Indian Journal of Dental Research

CASE REPORT
Year
: 2006  |  Volume : 17  |  Issue : 2  |  Page : 94--6

Malignant melanoma of the oral cavity


Jagadish Ebenezer 
 Department of Dental and Oral Surgery, Christian Medical College, Vellore, Tamilnadu 632 004, India

Correspondence Address:
Jagadish Ebenezer
Department of Dental and Oral Surgery, Christian Medical College, Vellore, Tamilnadu 632 004
India

Abstract

Oral malignant melanoma is a rare disease. The common sites of its occurrence are the palate and gingiva with the maxillary arch being affected 80% of the time. Because of their presence at relatively obscure areas in the oral cavity, most of the malignant melanomas of the oral cavity are diagnosed at a late stage. These lesions are associated with poor prognosis. The dental clinician must therefore carefully examine the head, neck, and oral cavity, and any pigmented lesion that may exhibit growth potential must be biopsied. This article describes a case of malignant melanoma that was present in the oral cavity and briefly reviews the relevant literature that explains the nature of this lesion.



How to cite this article:
Ebenezer J. Malignant melanoma of the oral cavity.Indian J Dent Res 2006;17:94-6


How to cite this URL:
Ebenezer J. Malignant melanoma of the oral cavity. Indian J Dent Res [serial online] 2006 [cited 2020 Nov 23 ];17:94-6
Available from: https://www.ijdr.in/text.asp?2006/17/2/94/29882


Full Text

 INTRODUCTION



Malignant melanomas of the oral cavity are extremely rare, accounting for 0.2% to 8% of all malignant melanomas [1]. The relative incidence of malignant melanoma among mucosal neoplasms of the head and neck had been reviewed by Hormia and Vuori [2]. In a total of 7253 cases of malignancies of the upper respiratory and gastrointestinal tracts between 1953 and 1964, five cases of malignant melanoma were found in the oral cavity- an incidence of 0.07%.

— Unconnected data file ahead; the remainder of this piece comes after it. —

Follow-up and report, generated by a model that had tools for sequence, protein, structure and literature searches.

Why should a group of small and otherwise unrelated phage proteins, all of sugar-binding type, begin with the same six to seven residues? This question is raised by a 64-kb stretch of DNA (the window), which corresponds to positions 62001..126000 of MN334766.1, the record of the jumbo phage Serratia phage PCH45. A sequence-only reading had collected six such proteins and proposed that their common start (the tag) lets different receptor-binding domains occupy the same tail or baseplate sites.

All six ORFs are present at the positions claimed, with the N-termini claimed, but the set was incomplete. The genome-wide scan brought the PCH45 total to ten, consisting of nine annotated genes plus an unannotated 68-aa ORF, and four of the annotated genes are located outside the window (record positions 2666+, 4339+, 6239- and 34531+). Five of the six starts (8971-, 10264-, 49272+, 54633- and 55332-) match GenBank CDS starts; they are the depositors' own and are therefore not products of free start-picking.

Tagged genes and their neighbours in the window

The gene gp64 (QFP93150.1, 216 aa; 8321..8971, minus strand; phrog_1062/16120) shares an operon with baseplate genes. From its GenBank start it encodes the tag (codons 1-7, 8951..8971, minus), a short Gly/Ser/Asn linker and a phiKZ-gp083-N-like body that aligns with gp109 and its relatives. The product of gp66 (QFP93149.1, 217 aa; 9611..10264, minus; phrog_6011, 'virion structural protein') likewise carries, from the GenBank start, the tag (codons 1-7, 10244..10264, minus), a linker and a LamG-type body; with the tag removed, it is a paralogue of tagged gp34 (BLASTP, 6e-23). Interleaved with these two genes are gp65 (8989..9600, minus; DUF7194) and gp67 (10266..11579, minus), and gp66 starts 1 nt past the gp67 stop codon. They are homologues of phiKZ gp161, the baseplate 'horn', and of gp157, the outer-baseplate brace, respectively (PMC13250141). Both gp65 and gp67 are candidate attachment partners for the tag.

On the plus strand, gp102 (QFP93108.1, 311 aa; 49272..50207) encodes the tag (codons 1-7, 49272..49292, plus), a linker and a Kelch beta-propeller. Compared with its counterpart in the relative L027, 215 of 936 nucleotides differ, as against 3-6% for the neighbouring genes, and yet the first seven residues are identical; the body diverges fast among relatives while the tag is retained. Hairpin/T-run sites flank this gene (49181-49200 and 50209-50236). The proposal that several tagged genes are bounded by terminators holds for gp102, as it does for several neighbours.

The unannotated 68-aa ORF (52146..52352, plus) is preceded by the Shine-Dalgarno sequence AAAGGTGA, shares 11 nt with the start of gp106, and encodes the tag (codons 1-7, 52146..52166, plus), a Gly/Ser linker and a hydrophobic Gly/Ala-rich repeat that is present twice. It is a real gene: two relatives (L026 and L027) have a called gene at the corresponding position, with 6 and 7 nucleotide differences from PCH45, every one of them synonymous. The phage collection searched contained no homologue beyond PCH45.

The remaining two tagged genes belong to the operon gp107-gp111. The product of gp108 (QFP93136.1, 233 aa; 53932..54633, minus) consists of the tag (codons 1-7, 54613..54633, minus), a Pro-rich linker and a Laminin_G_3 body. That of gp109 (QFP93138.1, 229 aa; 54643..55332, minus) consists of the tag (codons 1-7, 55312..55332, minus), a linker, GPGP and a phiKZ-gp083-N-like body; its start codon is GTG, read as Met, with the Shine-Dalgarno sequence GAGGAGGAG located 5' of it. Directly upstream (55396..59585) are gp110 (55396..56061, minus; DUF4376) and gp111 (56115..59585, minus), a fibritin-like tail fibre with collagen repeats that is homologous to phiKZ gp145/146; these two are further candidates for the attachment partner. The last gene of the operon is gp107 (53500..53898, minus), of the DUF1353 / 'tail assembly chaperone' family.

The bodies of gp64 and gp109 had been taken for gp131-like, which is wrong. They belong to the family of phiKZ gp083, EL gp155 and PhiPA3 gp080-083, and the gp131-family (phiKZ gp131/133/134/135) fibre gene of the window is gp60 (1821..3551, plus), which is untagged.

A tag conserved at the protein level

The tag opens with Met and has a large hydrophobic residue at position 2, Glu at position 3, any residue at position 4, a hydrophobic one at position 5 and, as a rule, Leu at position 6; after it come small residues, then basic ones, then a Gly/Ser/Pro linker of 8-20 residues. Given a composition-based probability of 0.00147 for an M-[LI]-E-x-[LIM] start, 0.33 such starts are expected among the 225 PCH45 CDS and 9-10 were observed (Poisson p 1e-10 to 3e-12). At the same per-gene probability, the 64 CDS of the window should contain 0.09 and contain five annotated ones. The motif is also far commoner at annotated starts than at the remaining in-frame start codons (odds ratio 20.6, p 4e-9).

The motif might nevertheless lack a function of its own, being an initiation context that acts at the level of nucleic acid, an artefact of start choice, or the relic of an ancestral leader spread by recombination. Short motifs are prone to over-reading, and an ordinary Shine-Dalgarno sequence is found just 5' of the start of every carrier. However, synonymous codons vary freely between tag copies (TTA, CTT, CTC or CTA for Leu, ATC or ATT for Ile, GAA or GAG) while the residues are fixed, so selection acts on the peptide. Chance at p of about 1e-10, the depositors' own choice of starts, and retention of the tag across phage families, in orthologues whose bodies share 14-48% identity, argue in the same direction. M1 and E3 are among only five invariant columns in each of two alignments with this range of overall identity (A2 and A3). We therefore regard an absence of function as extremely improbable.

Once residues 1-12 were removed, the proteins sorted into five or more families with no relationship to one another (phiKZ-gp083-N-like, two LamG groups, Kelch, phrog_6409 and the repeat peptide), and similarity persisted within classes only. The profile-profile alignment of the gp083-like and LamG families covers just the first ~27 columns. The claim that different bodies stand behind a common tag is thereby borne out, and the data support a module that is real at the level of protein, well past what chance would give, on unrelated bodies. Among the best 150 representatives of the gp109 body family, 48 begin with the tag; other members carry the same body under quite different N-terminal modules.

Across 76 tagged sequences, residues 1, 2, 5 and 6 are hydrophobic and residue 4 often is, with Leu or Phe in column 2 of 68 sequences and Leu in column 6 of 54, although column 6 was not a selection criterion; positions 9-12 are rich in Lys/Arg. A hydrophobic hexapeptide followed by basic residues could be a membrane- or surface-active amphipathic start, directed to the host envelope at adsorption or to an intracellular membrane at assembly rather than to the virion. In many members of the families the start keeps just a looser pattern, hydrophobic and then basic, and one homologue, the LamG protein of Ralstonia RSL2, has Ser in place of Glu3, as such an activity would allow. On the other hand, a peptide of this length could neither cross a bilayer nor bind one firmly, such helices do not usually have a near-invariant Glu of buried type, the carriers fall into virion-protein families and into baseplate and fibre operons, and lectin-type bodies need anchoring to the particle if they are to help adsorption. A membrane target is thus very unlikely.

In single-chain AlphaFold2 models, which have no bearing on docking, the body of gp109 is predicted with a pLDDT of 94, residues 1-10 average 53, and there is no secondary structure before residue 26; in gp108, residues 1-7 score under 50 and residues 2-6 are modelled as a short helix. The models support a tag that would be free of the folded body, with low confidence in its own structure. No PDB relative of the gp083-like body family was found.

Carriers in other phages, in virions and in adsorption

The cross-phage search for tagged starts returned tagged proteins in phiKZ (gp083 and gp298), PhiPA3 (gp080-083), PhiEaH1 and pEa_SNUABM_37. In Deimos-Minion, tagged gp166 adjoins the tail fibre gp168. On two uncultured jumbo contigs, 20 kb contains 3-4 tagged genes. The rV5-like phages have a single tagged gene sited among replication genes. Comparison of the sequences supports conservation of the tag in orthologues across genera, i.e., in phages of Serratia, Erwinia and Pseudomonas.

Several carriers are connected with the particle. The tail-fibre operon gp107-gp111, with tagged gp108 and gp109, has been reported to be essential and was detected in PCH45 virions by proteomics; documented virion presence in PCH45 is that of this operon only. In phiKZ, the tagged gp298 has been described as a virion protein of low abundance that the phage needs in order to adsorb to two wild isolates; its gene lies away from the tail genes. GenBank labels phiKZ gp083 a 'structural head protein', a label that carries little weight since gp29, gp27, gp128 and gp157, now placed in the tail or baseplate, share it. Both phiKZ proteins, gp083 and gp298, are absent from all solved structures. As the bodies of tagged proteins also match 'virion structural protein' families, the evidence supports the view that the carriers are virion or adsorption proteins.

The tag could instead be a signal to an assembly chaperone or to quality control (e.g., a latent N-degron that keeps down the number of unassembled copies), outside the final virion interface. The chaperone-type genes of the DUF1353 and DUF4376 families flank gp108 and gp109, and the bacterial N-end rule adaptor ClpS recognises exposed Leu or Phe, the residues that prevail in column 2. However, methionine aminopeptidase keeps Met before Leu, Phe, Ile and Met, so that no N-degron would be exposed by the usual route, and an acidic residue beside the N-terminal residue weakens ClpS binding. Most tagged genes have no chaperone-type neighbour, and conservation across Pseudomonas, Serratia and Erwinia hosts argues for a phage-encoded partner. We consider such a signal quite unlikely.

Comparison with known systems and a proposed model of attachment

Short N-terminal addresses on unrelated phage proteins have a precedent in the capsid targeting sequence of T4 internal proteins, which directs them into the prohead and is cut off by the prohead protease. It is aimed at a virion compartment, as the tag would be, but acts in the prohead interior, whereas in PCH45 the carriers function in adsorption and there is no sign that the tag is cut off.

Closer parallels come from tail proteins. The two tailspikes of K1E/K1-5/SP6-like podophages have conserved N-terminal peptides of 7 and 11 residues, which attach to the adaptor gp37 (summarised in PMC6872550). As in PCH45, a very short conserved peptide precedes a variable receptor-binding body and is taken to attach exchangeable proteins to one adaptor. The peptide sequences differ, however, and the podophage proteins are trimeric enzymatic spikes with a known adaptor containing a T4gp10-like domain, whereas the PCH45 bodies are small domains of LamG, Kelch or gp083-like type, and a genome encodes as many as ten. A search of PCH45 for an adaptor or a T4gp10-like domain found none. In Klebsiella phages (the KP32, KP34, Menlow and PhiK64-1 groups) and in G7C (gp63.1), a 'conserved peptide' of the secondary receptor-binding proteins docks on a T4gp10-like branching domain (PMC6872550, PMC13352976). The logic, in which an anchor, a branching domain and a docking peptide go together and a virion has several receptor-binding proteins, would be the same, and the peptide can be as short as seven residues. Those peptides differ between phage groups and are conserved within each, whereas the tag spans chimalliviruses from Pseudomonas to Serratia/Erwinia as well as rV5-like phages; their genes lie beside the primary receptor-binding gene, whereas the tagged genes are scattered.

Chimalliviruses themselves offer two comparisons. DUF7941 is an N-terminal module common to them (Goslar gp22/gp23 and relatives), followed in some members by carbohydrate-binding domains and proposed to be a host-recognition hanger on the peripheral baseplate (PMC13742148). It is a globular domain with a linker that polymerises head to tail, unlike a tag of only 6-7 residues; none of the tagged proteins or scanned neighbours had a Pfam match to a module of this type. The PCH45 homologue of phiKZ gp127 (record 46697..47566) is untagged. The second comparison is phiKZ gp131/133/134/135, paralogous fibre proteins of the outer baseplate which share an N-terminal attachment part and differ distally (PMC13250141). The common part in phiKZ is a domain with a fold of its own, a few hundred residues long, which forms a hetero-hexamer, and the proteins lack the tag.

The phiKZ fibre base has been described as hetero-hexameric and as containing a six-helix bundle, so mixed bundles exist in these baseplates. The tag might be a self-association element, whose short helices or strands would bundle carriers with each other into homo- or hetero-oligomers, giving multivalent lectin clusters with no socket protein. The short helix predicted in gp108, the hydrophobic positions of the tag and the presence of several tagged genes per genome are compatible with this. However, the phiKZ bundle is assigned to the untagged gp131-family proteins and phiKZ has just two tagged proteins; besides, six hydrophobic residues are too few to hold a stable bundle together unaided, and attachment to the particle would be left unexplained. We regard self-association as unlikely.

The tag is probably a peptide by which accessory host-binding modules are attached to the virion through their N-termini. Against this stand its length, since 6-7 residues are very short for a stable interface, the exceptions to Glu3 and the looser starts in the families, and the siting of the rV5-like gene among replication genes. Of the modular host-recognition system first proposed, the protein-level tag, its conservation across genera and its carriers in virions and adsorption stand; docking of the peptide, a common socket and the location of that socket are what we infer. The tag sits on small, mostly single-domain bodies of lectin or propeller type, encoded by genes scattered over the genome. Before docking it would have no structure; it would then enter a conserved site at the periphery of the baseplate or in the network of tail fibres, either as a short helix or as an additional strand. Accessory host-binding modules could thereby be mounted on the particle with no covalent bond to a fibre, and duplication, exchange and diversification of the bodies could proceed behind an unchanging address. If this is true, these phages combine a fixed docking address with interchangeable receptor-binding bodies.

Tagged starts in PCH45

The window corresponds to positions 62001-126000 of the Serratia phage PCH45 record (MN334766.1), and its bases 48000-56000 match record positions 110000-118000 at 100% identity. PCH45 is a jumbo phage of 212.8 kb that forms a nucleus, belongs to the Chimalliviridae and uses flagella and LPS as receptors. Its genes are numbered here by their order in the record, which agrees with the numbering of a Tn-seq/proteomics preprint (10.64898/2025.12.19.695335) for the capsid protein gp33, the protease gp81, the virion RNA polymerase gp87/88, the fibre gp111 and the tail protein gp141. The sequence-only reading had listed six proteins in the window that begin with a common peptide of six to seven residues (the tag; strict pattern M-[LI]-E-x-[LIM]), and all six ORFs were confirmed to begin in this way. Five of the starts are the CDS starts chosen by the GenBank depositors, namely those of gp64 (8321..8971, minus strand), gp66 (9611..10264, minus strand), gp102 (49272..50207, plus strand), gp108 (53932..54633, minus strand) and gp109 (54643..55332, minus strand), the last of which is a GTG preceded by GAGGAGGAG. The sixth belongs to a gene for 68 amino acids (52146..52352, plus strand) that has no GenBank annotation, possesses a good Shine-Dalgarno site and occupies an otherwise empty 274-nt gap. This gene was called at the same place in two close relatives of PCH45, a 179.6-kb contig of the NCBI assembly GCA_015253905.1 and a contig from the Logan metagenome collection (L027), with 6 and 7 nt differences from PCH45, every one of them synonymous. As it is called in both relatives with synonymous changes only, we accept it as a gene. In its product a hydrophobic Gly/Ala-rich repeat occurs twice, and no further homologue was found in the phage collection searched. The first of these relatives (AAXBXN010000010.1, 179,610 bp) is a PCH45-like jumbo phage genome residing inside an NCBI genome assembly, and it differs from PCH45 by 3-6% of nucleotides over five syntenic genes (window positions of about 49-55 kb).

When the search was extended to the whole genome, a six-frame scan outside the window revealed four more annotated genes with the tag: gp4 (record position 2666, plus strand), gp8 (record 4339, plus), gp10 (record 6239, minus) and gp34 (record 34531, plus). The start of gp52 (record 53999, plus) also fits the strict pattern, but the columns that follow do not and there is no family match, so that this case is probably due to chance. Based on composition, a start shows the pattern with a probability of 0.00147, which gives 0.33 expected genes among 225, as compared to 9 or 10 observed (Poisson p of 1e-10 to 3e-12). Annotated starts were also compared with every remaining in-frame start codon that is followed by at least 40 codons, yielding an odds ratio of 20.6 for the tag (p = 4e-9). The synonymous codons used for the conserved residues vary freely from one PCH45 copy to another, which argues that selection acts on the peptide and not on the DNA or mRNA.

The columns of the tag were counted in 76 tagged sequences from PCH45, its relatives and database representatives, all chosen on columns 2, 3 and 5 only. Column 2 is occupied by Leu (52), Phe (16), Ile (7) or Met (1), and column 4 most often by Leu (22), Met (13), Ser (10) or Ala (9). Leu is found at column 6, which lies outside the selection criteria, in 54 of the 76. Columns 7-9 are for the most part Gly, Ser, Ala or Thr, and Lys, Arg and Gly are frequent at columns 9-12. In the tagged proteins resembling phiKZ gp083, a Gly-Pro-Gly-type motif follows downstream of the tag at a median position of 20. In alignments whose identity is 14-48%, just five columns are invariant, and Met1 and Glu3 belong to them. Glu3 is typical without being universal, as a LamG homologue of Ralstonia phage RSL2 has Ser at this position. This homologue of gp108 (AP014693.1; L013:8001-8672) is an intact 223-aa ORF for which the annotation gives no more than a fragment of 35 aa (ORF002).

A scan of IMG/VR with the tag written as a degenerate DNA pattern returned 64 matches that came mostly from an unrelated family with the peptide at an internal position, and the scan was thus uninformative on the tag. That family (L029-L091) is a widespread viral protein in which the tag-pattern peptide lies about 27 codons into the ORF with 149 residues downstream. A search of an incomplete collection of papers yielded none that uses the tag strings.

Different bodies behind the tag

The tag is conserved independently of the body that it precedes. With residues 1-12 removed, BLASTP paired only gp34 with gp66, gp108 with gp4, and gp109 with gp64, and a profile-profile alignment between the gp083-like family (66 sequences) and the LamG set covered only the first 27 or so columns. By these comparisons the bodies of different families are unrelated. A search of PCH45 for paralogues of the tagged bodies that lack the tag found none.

The age range for patients with oral malignant melanoma is from 40 to 70 years, the average age being 55 years [3],[4]. Rapini et al [5] found that the highest percentage of oral melanomas occurred in the age range of 41 to 60 years (45% of 332 patients). Oral malignant melanoma is rare before the age of 20 years [5],[6].

The most frequent site of occurrence is the hard palate followed by the maxillary gingiva [7], [8]. Other oral sites include the mandibular gingiva, buccal mucosa and floor of the mouth [9]. Greene et al [10] described the criteria for primary oral melanoma which includes demonstration of melanoma in the oral mucosa, presence ofjunctional activity and inability to demonstrate extra oral primary melanoma

Intra oral malignant melanomas are easy to diagnose clinically as they are pigmented and have an irregular shape and outline [8]. These lesions usually remain asymptomatic and may be detected only when there is ulceration of the overlying epithelium and/or hemorrhage [3]. This delayed detection may be the reason for the poor prognosis of oral malignant melanomas with the 5-year survival rate being between 15% to 38% [6],[11]. Invasion of the bone may occur, increasing the likelihood of metastasis [8]. In addition, the rich vascular supply present in the oral cavity may further contribute to the dissemination of the melanomas [12].

 CASE REPORT



A 36-year old male patient presented with the chief complaint of swelling and occasional pain in the right upper gums. The swelling was present for the last six months, with pain at the site being present for the past two weeks. On clinical examination, a large growth of4cm x 2 cm size was present on the buccal aspect of the right maxillary alveolus involving the marginal, attached and inter dental gingiva [Figure 1]. The growth was blackish blue in color with an intact and irregular surface. The margins were well defined. Superiorly, the lesions extended into the upper buccal vestibule. Anteriorly, it extended from the gingiva of 21 and extended posteriorly to the gingiva in relation to 16. Medially the lesion extended to involve the palatal mucosa It did not cross the midline [Figure 2]. 13 was missing clinically and 12 appeared to be displaced laterally.

None of the teeth in the vicinity of the growth exhibited much mobility. A small satellite like lesion of the same color was present on the posterior lateral aspect of the right hard palate. It was independent of the large growth, with its size being about 0.5 cm in diameter.

Palpation revealed a firm consistency of the growth without any tenderness. The regional lymph nodes were not palpable. A complete examination of the patient was done, but no other primary site of the lesion was found. Correlating all these clinical features, a diagnosis of primary malignant melanoma of the oral cavity was made and the patient was then referred for further investigations.